Like normal folks, when I’m hard up for money I may attempt to come up with a quick scheme or two or generate a significant income: may play the lottery (attempt to claim that 700 million dollar jackpot), perhaps sell miscellaneous items, or cash in some bonds. However, this is the first time I heard of attempting to kill a celebrity to collect the payout of a death pool. Killing Hasselhoff tells the story of Chris, a club owner who finds himself in a desperate spot and in need of money. His only recourse appears to be attempting to facilitate the death of Baywatch star David Hasselhoff. Strange, right? I mean, most people would try to get a loan before contemplating murder.
Chris Kim is a prime example of how anything that can go wrong, will go wrong. His nightclub is failing, he owes $400,000 to a loan shark, he was inadvertently involved in a drug and groping scandal with a child star in his nightclub thereby making his business radioactive, and he has lost his fiancé as a result of the scandal. After having so many things go wrong, I would be taking extra-long looks at the bleach bottle. Chris, however, is determined to turn his life around. Within 72 hours, to get the money he needs to save his club, he conspires with his mentally disturbed friend to kill David Hasselhoff in order to collect on his bet in a celebrity death pool. I guess all the banks were closed.
To me Ken Jeong has always been that weird gangster guy from the Hangover. However, he has made quite the name for himself with his unique brand of comedy, and did you know that he is an actual doctor, and I don’t mean that he plays one on TV, though he does that too.
Killing Hasselhoff is in a word hilarious, with no shortage of side-splitting humor that I was not expecting at all. My initial thoughts were it was gonna be a sad attempt at comedy that would fall short of the mark. I’m not sure what’s funnier, the convoluted circumstances the main character finds himself in or his attitude about the matter altogether. Like I said earlier, when backed into the corner and at a complete loss at what to do, the very last thing I gonna think to do is kill a celebrity. Jeong handles the situation of being completely and utterly screwed better than any other actor could have. For example, the scene at Hasselhoff’s autograph signing on the beach. Here he is, on a mission to poison the guy, when he is approach by the “Hoff Army.” This is where is brand of comedy comes into play, instead of de-escalating the situation, it’s like he cannot help himself but insult them, resulting in catching a beatdown from Fat Albert and miniature John Stamos (his words, not mine).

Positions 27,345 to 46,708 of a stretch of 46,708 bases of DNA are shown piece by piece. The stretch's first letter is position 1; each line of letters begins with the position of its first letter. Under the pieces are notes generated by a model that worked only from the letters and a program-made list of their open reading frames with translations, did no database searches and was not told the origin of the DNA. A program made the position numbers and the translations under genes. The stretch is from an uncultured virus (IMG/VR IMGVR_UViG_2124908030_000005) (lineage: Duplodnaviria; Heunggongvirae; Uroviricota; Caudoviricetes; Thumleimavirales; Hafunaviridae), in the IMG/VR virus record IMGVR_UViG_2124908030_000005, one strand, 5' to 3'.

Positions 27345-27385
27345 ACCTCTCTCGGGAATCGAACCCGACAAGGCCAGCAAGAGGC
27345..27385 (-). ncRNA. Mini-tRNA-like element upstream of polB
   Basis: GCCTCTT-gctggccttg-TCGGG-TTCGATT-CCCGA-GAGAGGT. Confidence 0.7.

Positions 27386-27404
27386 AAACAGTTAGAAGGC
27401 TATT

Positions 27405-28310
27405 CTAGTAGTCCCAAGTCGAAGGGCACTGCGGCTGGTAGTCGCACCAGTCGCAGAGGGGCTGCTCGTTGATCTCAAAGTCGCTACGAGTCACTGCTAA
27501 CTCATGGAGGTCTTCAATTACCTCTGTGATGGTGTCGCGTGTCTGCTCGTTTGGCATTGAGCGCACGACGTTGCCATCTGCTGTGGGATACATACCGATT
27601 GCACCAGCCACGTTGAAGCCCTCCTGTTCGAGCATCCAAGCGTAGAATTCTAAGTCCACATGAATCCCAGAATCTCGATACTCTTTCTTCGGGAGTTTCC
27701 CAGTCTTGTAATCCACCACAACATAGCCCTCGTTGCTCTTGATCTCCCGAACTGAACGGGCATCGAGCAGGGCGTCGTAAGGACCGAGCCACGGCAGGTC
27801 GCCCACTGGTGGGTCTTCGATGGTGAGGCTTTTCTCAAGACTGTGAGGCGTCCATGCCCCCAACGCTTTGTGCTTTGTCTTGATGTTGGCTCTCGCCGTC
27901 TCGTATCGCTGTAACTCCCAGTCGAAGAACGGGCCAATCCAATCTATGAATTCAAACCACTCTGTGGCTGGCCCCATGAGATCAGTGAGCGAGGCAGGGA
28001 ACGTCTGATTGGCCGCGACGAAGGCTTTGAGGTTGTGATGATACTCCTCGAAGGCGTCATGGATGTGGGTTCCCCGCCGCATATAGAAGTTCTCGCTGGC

I was never a fan of Baywatch, so my knowledge of Hasselhoff was limited to his cameos on other shows, but he made me a fan in this movie. That made him such a legendary character in this film. I know that hyperbole was the writer’s best friend when it came to that aspect, but it was done in a fashion that made him iconic. He started off obnoxious and a bit of tool, especially when he cancelled that after-party. Eventually that became a part of his charm; even his constant rants about wanting to write, produce, and star in a superhero musical became interesting. Of course the film ends with a homage to his former television show with a slow-motion running scene. In the end, you come to realize that even though he intended to be the victim, he becomes the hero of the story.
There was one person that the story could have done without, it was the character of Fishman, who serves no real purpose to the overall study other than comedic relief. Even then, his contributions to the story become irritating, especially the whole mental breakdown that he has from the beginning of the story until the credits roll.
Not a movie for kids, but adults that are looking for a good laugh should consider watching this film. The movie will not disappoint in this area, and you are likely to become a Hasselhoff fan too. I mean, I’m not going to be watching Baywatch reruns or anything like that, but I will re-watch this movie.